Of course, FF7:R isn’t the only piece of media to ever make use of that kind of backdrop. There are quite a few pop songs that evoke similar feelings or thoughts. “So Close” by Felix Jaehns would be one of them. The lyrics about apartments certainly evoke an urban landscape.
I’m not entirely sure why, but Lady Gaga’s “Rain on Me” also evokes an urban landscape for me. This song is fitting for Boardroom Omega for a couple of reasons, not the least of which is what Gaga says the lyrics really mean.
Charli XCX’s music isn’t necessarily “urban” so much as it’s techno-tronic futuristic. (Indeed, the whole PC Music movement tends to be.) The dissonant sounds could certainly evoke a dystopian kind of feel—and that’s something mirrored in urban landscapes during late capitalism. Almost all of Charli’s 2020 album, How I’m Feeling Now, could fit the “vibes” of Boardroom. I’ll restrict myself to a couple of picks. “Enemy” has to be first on the list, because it speaks to Perce’s hesitancy to hook up with anyone. He’s very much a character who guards himself. Jake inadvertently takes those walls down, just by being around.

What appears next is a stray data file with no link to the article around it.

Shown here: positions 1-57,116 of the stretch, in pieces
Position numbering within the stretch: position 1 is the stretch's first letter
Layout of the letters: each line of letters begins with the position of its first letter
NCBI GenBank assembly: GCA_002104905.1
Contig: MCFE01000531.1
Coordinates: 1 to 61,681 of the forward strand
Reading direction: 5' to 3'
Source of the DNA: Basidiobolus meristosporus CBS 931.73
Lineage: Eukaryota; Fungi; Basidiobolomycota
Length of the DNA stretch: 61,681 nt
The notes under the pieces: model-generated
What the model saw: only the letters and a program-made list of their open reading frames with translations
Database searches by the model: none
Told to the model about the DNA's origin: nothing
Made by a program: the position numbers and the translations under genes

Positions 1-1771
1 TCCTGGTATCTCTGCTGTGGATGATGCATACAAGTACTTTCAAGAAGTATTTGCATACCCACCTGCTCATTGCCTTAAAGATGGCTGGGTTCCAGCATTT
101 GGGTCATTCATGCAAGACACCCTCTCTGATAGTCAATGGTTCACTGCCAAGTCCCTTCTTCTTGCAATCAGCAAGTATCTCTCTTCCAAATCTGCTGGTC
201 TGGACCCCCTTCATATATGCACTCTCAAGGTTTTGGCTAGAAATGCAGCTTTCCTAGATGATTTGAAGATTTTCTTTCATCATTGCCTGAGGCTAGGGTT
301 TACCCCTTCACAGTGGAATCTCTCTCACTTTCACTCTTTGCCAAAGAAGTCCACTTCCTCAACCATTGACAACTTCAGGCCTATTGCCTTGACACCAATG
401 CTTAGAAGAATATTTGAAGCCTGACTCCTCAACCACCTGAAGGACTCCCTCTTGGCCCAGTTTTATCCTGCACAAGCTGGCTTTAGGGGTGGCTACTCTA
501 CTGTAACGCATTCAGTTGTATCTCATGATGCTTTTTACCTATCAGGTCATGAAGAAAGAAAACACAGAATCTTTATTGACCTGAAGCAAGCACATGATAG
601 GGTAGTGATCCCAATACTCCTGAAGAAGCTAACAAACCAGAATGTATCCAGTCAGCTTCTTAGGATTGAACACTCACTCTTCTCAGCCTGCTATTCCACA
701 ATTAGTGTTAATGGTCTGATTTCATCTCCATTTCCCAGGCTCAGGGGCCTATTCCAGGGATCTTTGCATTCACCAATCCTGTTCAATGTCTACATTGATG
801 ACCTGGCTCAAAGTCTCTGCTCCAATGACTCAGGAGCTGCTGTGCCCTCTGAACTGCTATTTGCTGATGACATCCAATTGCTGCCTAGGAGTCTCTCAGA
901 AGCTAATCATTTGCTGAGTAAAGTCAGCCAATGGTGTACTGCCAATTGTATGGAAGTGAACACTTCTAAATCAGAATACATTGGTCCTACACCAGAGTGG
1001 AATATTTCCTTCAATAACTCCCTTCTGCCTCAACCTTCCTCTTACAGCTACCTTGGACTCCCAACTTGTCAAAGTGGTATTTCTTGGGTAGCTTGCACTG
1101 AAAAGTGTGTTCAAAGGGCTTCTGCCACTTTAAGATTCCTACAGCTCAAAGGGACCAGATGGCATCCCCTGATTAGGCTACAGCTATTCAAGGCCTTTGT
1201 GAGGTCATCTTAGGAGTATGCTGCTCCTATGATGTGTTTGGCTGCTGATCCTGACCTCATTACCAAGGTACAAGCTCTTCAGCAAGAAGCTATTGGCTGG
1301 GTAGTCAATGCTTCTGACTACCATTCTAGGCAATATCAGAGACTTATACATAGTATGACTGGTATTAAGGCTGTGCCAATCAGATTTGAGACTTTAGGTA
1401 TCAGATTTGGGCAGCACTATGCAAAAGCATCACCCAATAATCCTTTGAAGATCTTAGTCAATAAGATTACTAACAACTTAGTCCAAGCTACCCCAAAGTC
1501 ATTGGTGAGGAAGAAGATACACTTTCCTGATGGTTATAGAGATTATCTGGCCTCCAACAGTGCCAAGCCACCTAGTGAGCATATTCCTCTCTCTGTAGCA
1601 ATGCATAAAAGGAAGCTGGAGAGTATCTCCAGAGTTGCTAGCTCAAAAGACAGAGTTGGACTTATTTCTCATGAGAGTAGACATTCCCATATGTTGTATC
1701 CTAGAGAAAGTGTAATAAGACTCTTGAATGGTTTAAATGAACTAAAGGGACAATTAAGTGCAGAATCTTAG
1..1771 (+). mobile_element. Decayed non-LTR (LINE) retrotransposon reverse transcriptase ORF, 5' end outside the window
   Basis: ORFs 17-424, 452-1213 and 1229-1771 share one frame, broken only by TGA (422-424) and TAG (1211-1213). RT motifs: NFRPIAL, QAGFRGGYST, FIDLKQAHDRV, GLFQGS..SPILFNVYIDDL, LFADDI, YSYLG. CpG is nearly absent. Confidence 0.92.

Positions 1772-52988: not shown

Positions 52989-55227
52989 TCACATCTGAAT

The other pick would be “Anthems,” less for its lyrical content and more for its sound profile. This definitely fits that vaguely futuristic vibe, the dissonance of a dystopia. That’s fitting for the landscape of this novel: it’s vaguely contemporary, yet vaguely futuristic. (If you’re paying attention, you’ll find out exactly what era we’re in.) The landscape seems familiar, yet it’s not. Not entirely.
The next couple of songs are what I’d termed futuristic nostalgia—they’re songs that look forward while also looking back. They mix retro sounds with a sort of future vision.
“Music Sounds Better” by Stardust—a Daft Punk-esque venture from the mid-1990s—is one of those tracks. It takes its cues from the 1970s and the disco era, but it mixes it with techno-tronic sounds (similar to what Charli XCX and other PC music/hyperpop artists are doing with their works). It’s also a classic track; it’s still an earworm twenty, thirty years later. The vibe of the song also fits with Jake and Perce, the idea that they’re better together than they are apart.
“Don’t Call Me Baby” by Madison Avenue is a similar track: it samples heavily from 1970s disco, even though it was a techno track produced in the late 1990s. The song was popular then, and it still can get stuck in your head. This one, I picked more for Perce—much like the singer of this song is rebelling against late 20th century notions of femininity, Perce is rejecting the paradigm used to frame what omegas should and shouldn’t do. The idea that Jake or any other alpha might be playing with fire by hooking up with Perce is perfect.